Daily Archives: April 7, 2018

My birds on the wire today

My birds on the wire today

My birds on the wire today

Brazil’s ex-President Luiz Inacio Lula da Silva surrenders to federal police – CNN


Brazil’s ex-President Lula da Silva surrenders to federal police
By Marcia Reverdosa and Flora Charner, CNN

Updated at 6:36 PM ET, Sat April 7, 2018

Brazil’s Lula da Silva sentenced to prison
Brazil’s Lula da Silva sentenced to prison 01:31
Sao Bernardo do Campo, Brazil (CNN) — Former Brazilian President Luiz Inacio Lula da Silva turned himself over to federal authorities Saturday to begin serving a 12-year prison sentence for corruption.
Before Lula da Silva surrendered to police, his supporters prevented him from turning himself in by blocking his car.
Lula da Silva had been holed up since Friday in the steelworker’s union headquarters surrounded by many hundreds of supporters. As he tried to leave the compound Saturday through a gate, dozens of supporters surrounded the vehicle shouting “don’t surrender” and “no turning back,” which forced his vehicle to back away from the gate.
Thursday, a federal judge ordered Lula da Silva’s arrest after the Supreme Court ruled he must start serving the 12-year prison sentence. Lula da Silva, a former steelworker’s union leader, remained at the union headquarters Friday, defying an order to turn himself in to police by 5 p.m. in the southern city of Curitiba.
Lula da Silva, who governed Brazil from 2003 to 2011, was considered a front-runner in this October’s elections. But the court’s decision not to grant his request to remain free while appealing the conviction has cast doubt on his bid to regain power.
After the incident with his supporters, Lula walked himself outside the gates of the headquarters, got into another car and joined a police envoy. The convoy headed to to Sao Paolo airport where the former President was expected to board a flight to Curitiba.
“I believe in justice and know I am not above the law,” Lula da Silva, 72, said from a stage outside the steelworkers’ union headquarters earlier Saturday. “I will prove my innocence.”
The ex-leader greets supporters Saturday in Sao Bernardo do Campo.
The ex-leader greets supporters Saturday in Sao Bernardo do Campo.
The union building is in the city of Sao Bernardo do Campo in Sao Paulo state, more 260 miles to the north.
Speaking to supporters from a memorial for his late wife, Marisa Leticia Lula da Silva, he said his arrest is politically motivated and that “history will prove” that he is not guilty.
“I will turn myself into the authorities willingly,” Lula da Silva said. “If the crime I’m guilty of is bringing food and education to the poor, then I hope I’ll continue to be the biggest criminal in this country.”
Shortly before Friday’s deadline, Brazil’s Superior Court of Justice, the nation’s highest appellate court, rejected a habeas corpus request to delay the prison time.
“Their dream is for me not to run, their other dream is to see my picture in prison,” Lula da Silva said Saturday. “The more days I spend in jail, the more ‘Lulas’ will emerge in this country.”

Related Article: Judge orders arrest of ex-Brazil president Lula da Silva
In January, an appeals court unanimously upheld the corruption and money laundering charges against him, and he was handed the prison sentence. Lula da Silva was initially found guilty of the charges in July.
Lula da Silva has strongly denied any wrongdoing. His defense said he was a victim of political persecution.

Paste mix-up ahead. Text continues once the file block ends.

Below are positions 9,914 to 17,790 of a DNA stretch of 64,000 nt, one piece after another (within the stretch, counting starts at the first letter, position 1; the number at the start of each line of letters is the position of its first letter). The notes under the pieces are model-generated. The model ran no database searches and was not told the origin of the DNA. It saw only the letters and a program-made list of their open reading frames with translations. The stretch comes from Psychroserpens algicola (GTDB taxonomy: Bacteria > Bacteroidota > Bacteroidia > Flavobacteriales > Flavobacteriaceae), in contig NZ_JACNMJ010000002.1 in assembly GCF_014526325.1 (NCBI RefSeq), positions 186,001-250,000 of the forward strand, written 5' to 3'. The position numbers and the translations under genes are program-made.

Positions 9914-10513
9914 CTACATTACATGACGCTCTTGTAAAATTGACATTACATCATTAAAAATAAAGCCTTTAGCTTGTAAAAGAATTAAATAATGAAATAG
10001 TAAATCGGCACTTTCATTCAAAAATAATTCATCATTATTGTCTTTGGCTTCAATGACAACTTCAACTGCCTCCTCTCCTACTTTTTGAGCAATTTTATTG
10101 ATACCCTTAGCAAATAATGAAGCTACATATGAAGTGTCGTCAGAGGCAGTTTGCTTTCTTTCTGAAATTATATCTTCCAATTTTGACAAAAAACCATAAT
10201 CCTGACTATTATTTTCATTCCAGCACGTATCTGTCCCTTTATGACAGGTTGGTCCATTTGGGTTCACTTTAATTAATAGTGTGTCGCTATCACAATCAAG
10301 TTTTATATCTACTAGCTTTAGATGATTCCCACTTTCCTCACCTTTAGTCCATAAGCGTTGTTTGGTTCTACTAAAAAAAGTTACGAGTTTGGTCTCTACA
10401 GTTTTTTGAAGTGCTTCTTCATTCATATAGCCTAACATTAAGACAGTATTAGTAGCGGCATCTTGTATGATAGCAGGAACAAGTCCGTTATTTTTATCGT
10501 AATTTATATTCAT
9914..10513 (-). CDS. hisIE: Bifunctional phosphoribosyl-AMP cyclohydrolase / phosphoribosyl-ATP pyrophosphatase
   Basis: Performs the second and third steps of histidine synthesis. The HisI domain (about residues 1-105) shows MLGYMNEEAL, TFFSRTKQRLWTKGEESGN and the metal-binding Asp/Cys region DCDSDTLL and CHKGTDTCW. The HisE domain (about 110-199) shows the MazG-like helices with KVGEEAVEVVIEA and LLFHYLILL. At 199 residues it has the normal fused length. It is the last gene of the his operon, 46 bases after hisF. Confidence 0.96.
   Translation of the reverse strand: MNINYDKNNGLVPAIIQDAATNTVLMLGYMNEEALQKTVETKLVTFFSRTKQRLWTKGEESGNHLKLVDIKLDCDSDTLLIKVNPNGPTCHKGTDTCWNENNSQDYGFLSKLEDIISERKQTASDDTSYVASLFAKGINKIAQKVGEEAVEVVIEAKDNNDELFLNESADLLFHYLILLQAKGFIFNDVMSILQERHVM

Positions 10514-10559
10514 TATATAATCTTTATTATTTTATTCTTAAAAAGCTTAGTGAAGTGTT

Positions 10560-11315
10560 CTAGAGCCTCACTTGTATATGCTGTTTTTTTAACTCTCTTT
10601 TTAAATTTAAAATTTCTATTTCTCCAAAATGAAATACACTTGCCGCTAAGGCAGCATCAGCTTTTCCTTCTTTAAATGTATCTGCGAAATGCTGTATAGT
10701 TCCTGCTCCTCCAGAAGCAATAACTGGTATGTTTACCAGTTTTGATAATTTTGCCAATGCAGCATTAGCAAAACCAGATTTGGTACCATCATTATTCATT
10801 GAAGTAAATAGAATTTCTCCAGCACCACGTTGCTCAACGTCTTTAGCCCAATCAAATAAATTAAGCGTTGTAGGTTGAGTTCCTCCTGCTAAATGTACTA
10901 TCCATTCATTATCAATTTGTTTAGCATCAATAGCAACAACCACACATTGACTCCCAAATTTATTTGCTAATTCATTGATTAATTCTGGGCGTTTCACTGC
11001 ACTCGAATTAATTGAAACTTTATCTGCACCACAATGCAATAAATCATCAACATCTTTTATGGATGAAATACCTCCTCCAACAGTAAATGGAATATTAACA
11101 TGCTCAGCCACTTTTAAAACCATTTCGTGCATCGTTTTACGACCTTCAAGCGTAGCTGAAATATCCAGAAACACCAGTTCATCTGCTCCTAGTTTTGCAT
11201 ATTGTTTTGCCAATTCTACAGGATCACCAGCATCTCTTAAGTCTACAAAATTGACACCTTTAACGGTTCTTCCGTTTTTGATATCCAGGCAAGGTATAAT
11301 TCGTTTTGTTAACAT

His conviction stemmed from a wide-ranging corruption investigation into the state-run oil company Petrobras, dubbed “Operation Car Wash.” The accusations against him emerged after he left office in 2011.
Lula da Silva was accused of benefiting from the renovation of a triplex in a beach town near Sao Paulo by the construction company OAS. The charges were connected to 3.7 million reais’ worth of bribes ($1.1 million) received from OAS through the beachfront apartment. In return, Lula da Silva helped the builder acquire contracts from the oil company, prosecutors charged.
Universally known as Lula, Lula da Silva is a founding member of Brazil’s only socialist political party, Partido dos Trabalhadores, the Workers’ Party.
He won two terms as President. He was friends with the late Cuban leader Fidel Castro, who supported his political career, and attended Castro’s funeral.
Lula da Silva left office with a 90% approval rating but was questioned by police about the corruption allegations in March 2016.
Lula da Silva’s wife and six others also were charged. Marisa Leticia Lula da Silva, who died in February 2017, would have turned 68 on Saturday.
Journalist Marcia Reverdosa reported from Sao Bernardo do Campo, and CNN’s Flora Charner wrote in Atlanta. CNN’s Daniel Silva, Bard Wilkinson and Jamie Gray contributed to this report.

Faceblock campaign urges users to boycott Facebook for a day | Technology | The Guardian


Faceblock campain

Faceblock campain


Faceblock campaign urges users to boycott Facebook for a day

Direct action planned in protest against company’s involvement in Cambridge Analytica scandal

Nicola Slawson @nicola_slawson
Sat 7 Apr 2018 12.37 EDT Last modified on Sat 7 Apr 2018 13.12 EDT
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Facebook users are being urged to stop using the social media platform for one day in protest against the company’s involvement in the Cambridge Analytica scandal. The Faceblock campaign has been planned to coincide with Mark Zuckerberg’s appearance before US Congress on Wednesday, where the Facebook chief executive will be testifying about data privacy issues.

The international group of campaigners is asking people to take part in a day of online protest by refusing to use Facebook’s platforms and apps, including Messenger, WhatsApp and Instagram, for 24 hours.

Laura Ullman, spokeswoman for the campaign, said the group was concerned about data privacy and how the company had been regulated. “We wanted to organise some direct action where lots of people could say that they love Facebook but want to see it improved. By not using the platform for a day, it’s a virtual demonstration that is easy to do but will send a powerful message that we demand better,” she said.

Mark Zuckerberg
Mark Zuckerberg, the Facebook chief executive, will testify before Congress on Wednesday. Photograph: Stephen Lam/Reuters
“We chose the day as we want to show Zuckerberg and also the US government that we want change. It’s Facebook’s responsibility to manage their platform, but it’s also the responsibility of governments to ensure companies protect data and to regulate monopolies.”

Some users have said they are considering deleting their Facebook account completely, but Ullman said this was not feasible for everyone and that many still liked using Facebook and its other platforms. “Not everyone has the privilege to do so. Facebook has created a monopoly and in some countries the only point of entry to the internet is through Facebook. It is often the only source of news in some places,” she said.

Delete your account – a guide to life after Facebook